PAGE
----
Saturday, August 25, 2012

The Scarlet Pimpernel

They seek him here...
They seek him there...
Those 'Frenchies' seek him everywhere;
Is he in heaven?
Is he in hell?
That damned elusive Pimpernel!
'The Scarlet Pimpernel' --the movie starring Leslie Howard as Sir Percy Blakeney, an 18th century English aristocrat who leads a double life, and Merle Oberon as Lady Blakeney. Leslie Howard portrays the 'undercover' English gentleman. It's a role that pioneers the use of a 'secret identity'.

As the 'Scarlet Pimpernel, Sir Percy must keep secret his many rescues of French aristocrats during the French Revolution and takes the viewer into the very center of the London aristocracy. Sir Percy is even friendly with the King himself.
This novel depends on illusion but the hero depends far more on brains than brawn. The Scarlet Pimpernel is a master of disguise and misdirection, but he would rather take a beating (in order to escape his enemies) than deal one out. In the same way that the Scarlet Pimpernel tricks the doltish Frenchman, Orczy dupes us (her readers) with narrative tricks--designed to confuse and misdirect.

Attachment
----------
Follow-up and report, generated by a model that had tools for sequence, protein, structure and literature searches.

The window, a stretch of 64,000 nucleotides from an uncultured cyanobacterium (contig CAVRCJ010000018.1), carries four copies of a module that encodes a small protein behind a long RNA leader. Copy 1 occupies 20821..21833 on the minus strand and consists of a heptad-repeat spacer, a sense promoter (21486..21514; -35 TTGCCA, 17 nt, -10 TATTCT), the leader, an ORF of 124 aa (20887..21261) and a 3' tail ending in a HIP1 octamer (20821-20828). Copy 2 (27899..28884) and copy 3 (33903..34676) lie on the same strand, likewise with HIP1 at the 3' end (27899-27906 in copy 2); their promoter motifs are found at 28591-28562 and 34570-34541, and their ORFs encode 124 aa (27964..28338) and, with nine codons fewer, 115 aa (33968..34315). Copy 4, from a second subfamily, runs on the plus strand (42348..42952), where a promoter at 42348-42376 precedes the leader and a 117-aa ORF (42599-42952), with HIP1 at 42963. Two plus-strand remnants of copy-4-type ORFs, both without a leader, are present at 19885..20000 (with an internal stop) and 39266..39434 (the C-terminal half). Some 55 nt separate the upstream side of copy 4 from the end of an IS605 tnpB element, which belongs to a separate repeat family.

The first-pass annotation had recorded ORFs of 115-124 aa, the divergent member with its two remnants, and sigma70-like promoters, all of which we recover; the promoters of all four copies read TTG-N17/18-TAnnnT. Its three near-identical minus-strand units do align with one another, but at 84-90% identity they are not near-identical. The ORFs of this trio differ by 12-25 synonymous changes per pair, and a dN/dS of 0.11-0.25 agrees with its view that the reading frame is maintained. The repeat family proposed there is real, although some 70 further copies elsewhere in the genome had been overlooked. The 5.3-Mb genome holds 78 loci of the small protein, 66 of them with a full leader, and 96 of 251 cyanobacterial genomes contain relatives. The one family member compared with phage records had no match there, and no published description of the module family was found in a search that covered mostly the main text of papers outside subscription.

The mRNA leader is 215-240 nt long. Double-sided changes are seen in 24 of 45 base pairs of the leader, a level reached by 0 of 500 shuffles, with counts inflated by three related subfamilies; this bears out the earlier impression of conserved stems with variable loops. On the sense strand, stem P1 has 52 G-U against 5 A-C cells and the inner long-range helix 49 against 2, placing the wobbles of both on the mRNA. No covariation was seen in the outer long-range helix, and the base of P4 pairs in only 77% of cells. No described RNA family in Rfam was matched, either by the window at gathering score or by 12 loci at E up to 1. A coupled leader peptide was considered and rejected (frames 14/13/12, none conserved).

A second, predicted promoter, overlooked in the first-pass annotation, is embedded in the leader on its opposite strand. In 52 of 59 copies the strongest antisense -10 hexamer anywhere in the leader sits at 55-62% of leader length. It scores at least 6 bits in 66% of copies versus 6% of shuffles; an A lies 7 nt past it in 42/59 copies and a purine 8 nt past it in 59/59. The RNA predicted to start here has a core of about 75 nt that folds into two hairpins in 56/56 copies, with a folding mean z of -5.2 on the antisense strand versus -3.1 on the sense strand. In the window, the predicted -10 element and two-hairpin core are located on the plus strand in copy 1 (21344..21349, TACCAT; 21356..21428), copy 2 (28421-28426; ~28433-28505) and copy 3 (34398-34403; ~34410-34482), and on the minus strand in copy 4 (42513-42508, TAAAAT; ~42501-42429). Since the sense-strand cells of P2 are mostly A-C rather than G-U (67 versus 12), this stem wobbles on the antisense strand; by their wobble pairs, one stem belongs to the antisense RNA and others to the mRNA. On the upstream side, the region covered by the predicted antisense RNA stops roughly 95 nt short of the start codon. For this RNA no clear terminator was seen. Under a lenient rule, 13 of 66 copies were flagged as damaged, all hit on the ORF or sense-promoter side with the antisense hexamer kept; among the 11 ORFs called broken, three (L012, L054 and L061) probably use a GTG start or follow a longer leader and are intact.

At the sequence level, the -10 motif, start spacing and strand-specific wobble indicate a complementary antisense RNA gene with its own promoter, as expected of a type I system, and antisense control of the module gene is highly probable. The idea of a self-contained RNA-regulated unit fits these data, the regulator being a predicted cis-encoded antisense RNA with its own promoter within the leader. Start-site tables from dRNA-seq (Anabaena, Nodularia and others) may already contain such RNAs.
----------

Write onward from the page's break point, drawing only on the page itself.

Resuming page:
Orczy is a master storyteller, sustaining the tension until we reaches the climax of the final pages. Then, it seems impossible that the Scarlet Pimpernel could escape. The scenes are drawn with large brush strokes, and many of the characters are drawn considerably larger than life.

Orczy takes a large, complex historical background and reshapes it into a suitable background for a straightforward adventure story. The writing sometimes descends into melodrama, but the point of the novel is hardly its literary power. In The Scarlet Pimpernel, Orczy tells a fantastic story in a fascinating way, and we are drawn to the edge of our seats.

The Scarlet Pimpernel is a classic adventure story and one of the first to employ the device of a central character with a secret identity, but this novel is also a fantastic read. The book is exciting. Always interesting. The Scarlet Pimpernel holds an appeal that is still enormously strong today.

'They Live' Directed by John Carpenter

by Len Hart, The Existentialist Cowboy